Problems of Democracy

Problems of Democracy

Learning Outcomes

There is a world of difference between education and training. Training is preparation to undertake a narrow task, say performing a specific job on the assembly line at a vehicle manufacturing plant. It needs not be transferable. Conversely, education is preparation that positions one for global citizenship, emphasizing broader applications, in varied contexts. This is why education focuses on literature and theory. This course offers education on democracy, broadly defined. It is not training for a specific democratic application.


At the end of this course, therefore, students are expected to have acquired the following broad knowledge/skills in two major segments of learning outcomes, as follows:


Group A: Learning Outcomes Associated With Five Fundamental Themes of Democracy


  • Citizen Participation: Democracy as a form of government driven by the governed.

Issue and Learning Outcome: How do we get the buy-in and meaningful/sustained participation of the governed, to get them to realize that democracy is not a spectator sport?

  • Culture: People from other lands, such as Africa, Asia, and the Middle East say they want a democracy conducive to their cultures. Others say democracy incorporates universal principles that have little or nothing to do with specific cultures.

Issue and Learning Outcome: Is democracy amenable to culture? How universal are the principles of democracy?

  • Information: Information, its management and flow are a major determinant of democratic, hence the clamor for a free press.

Issue and Learning Outcome: How do we guarantee freedom of the press and free flow on unbiased information?

  • Religion: There has been a consistent effort in recent times to install democracy in Islamic states, such as Iraq and Afghanistan. Many have wondered whether adherence to religion of any kind, especially Islam, is conducive to democracy. This is notwithstanding the fact that majority Islamic states such as Turkey and Indonesia have successful democratic systems.

Issue and Learning Outcome: Is separation of church and state really the answer to institutionalization of democracy across the world?

  • Representation: In a democracy, the masses select a few people to act on their behalf. In so doing, they reduce their domain of private action and expand the domain of public action. It has been argued that publics are able to control these elected officials through periodic schedule of elections. In the United States, these elected officials, especially in Congress and other legislatures, have continued to be re-elected into office despite mass outcry that politicians are out of touch with the wishes of the people. In other words, representation has run amok.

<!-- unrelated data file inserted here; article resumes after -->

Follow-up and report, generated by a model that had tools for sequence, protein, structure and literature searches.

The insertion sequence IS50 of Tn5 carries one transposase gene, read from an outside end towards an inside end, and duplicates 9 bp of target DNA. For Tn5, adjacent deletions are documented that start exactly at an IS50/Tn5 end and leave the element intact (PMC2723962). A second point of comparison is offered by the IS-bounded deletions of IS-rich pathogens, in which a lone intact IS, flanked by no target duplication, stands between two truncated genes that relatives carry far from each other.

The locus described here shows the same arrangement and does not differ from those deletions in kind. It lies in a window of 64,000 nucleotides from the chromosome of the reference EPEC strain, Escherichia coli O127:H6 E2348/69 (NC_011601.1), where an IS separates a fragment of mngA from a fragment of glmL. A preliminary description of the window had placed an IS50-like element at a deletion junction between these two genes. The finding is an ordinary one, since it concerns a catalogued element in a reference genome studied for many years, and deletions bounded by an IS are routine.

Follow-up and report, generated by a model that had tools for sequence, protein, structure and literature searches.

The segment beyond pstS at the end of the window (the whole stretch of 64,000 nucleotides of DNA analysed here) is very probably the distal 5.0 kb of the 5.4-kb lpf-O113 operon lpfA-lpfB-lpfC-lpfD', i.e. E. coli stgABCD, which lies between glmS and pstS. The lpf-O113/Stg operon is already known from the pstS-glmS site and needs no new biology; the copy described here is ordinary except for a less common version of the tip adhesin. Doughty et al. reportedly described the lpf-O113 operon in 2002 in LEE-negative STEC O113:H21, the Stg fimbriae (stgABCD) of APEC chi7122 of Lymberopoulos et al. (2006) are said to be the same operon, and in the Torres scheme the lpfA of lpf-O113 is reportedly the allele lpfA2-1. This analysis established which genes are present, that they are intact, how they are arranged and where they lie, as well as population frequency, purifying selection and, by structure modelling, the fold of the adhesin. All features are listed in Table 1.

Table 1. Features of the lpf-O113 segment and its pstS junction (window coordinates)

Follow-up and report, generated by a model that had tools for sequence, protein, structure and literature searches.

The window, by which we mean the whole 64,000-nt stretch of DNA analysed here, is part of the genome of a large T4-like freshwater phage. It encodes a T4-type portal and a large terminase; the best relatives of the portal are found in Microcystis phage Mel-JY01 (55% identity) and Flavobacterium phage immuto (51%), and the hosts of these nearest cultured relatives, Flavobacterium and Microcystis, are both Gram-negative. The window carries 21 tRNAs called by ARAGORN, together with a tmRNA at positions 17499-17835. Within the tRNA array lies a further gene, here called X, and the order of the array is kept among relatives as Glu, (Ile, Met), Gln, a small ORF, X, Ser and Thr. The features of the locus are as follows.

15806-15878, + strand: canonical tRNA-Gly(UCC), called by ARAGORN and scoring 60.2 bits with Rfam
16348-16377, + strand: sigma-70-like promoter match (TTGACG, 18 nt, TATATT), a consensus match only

Issue and Learning Outcome: How can democracies ensure that representatives actually represent the will of the masses?


Group B: Miscellaneous Learning Outcomes


  • Define democracy. Discuss the differences between democracy and other political systems
  • Describe and analyze the different forms that democracy can take in theory, and the forms it has in fact taken at different times and places throughout world history
  • The problem of constitutionalism and freedoms
  • Controlling the exercise of political power in a democracy
  • Discuss the relationship between democracy, individual liberty, and different concepts of political equality.
  • Describe and analyze the problems of transition from other political forms to democratic political institutions.
  • The Huge cost of democracy
  • The problem of representation.
  • Democracy and population heterogeneity
  • Regime change
  • Encouraging and sustaining citizen participation. The special role of demand protest.
  • Discuss the important role of civic society as well as the significance of political participation for effective democracy.
  • Identify challenges that American democracy faces today and difficulties likely to appear over the course of the next several decades.
  • Describe and analyze alternative forms of democracy as well as alternative, non-democratic, political systems.